The killer in Frozen Out was originally a Swede, but I was working for a Norwegian company at the time and didn’t get on with the boss at all. So I made the bad guy Norwegian instead.
Officer Gunna herself seems to be firmly on the side of the angels. Are you ever tempted to explore Gunnhildur’s dark side? Does she even have a dark side? She kinda comes over like a domestic angel, balancing an increasingly complicated and rapidly extending family life with these complicated investigations. Have you deliberately kept her away from developing those ‘brooding / depressed / addicted / conflicts with authority’ characteristics so beloved of most crime writers?
Gunnhildur definitely has a dark side, but it’s well below the surface. One day it may well appear and when it does, it’ll be dramatic as she has one of those slow-burn tempers that goes off with a bang when it finally happens. I didn’t mean her to be a domestic angel. She doesn’t cook when Steini does a better job in the kitchen and she’ll do anything to avoid re-acquainting herself with the vacuum cleaner.
Characters with conflicts and baggage tend to be interesting ones, but at the same time I didn’t want her to become the archetypal troubled cop with a drink problem and an addiction to junk food. There are plenty of male characters in fiction along those lines and I didn’t want her to be a bloke with boobs. So the dark side is hinted at, and Gunnhildur may be troubled but she’s also a down-to-earth and practical character of the kind who knows that she has to function, especially with the confused family life around her.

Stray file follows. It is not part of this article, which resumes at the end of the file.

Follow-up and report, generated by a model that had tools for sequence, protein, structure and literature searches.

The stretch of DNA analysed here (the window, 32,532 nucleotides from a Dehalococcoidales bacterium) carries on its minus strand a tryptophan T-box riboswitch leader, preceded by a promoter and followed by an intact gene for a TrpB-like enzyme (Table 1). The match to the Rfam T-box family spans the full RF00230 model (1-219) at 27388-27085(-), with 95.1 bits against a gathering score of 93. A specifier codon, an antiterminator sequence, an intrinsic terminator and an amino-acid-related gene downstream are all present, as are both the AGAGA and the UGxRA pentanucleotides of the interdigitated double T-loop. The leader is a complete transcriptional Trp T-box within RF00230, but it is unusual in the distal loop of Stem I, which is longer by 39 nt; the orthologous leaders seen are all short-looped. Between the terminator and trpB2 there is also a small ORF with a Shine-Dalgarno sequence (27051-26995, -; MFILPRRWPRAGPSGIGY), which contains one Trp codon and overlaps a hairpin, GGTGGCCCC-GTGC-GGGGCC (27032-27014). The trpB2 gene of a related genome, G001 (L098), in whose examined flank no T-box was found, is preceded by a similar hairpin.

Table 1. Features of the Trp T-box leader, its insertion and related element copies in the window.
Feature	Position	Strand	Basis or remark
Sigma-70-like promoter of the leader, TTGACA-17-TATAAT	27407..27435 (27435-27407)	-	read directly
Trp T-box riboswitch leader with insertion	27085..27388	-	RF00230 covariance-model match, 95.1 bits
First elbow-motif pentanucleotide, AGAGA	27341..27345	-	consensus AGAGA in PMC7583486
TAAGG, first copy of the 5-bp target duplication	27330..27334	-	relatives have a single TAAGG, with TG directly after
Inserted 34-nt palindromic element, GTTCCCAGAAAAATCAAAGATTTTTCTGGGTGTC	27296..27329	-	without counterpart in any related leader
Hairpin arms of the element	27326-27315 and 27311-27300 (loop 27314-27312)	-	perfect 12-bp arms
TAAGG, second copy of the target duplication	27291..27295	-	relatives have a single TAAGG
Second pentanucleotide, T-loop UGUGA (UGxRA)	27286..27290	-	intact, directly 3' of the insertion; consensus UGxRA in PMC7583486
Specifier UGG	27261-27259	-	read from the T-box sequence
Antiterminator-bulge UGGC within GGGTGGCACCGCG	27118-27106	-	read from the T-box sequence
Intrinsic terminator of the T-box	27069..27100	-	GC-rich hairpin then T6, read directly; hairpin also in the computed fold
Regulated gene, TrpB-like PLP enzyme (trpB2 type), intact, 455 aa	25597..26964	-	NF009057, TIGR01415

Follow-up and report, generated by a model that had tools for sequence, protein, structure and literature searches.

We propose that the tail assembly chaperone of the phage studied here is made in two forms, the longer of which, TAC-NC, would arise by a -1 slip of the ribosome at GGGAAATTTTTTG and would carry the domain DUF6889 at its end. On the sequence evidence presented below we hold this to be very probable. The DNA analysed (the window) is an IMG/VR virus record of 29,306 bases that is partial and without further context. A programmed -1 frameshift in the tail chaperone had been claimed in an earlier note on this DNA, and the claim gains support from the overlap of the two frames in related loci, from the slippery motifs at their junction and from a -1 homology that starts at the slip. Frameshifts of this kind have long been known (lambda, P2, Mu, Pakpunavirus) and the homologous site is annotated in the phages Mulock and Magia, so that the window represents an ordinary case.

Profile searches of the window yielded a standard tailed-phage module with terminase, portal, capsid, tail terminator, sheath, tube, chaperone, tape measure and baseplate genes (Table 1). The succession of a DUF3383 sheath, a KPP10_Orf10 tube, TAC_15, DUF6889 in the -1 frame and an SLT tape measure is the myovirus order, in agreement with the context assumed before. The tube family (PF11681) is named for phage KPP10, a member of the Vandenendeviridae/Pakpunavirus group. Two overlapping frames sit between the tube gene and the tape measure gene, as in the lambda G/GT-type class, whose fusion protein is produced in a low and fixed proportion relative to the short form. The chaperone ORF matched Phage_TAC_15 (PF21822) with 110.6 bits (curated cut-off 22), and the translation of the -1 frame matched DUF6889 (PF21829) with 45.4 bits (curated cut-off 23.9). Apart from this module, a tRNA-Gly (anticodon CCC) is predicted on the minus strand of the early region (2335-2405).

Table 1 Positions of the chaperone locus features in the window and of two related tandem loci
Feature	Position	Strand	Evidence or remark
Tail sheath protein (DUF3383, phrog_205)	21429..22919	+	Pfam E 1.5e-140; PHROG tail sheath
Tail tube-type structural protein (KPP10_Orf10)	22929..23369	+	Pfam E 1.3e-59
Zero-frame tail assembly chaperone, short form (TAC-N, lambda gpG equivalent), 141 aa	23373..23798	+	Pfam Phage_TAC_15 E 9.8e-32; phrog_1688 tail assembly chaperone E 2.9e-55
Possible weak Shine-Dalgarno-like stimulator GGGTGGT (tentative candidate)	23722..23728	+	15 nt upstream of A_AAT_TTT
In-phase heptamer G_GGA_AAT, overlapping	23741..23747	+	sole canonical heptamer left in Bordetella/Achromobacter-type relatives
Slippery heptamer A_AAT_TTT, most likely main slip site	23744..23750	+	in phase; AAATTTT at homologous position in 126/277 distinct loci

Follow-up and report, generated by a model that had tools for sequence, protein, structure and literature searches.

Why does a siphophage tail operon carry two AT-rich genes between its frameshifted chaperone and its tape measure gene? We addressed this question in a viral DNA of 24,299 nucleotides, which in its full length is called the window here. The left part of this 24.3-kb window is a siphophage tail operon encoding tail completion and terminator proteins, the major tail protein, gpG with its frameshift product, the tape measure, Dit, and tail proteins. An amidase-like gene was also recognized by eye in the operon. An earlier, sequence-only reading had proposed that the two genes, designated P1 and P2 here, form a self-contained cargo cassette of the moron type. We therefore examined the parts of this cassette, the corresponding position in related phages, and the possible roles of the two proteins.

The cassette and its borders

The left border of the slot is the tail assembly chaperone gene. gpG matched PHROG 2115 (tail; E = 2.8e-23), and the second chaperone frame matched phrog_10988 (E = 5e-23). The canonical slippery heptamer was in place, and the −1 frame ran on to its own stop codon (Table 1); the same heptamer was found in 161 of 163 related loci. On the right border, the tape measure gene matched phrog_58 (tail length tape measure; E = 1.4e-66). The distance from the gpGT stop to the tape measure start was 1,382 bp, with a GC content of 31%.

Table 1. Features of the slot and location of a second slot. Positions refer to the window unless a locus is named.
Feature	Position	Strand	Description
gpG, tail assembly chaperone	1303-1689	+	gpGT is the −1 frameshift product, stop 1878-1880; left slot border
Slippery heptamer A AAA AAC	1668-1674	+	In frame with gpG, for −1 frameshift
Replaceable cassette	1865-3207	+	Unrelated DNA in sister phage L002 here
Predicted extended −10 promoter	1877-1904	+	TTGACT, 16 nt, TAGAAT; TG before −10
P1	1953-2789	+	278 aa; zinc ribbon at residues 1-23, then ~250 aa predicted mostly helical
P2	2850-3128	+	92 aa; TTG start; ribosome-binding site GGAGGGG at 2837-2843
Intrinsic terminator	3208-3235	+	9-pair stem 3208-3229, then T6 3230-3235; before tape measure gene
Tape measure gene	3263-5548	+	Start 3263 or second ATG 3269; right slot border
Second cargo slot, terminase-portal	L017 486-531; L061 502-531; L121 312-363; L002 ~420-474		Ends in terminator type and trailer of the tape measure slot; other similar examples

There is another character waiting in the wings who may well trigger something of the dark side – and that’s Gunnhildur’s mum. She’s there in a story that had to be shelved for a variety of reasons, but sooner or later I’ll dust that one off.
Which aspect of crime writing do you prefer; the mystery / investigation, or the social commentary and cultural exploration?
The simple answer is both. The mystery/investigation side of it is the challenge, getting to grips with the technical aspects of making a story actually work without to many holes in the plot. That does have me tearing my hair out on occasions, but it keeps the mind working. The social commentary is always interesting, as Iceland has been such a turbulent place over the last decade or so, with massive changes taking place, so it’s not something that could be ignored.
I enjoy the cultural exploration, particularly portraying a side of Iceland that visitors rarely see, if they ever see any of it. It’s a delightful, safe, cosy place on the surface but there are plenty of sinister undercurrents if you dig deep enough.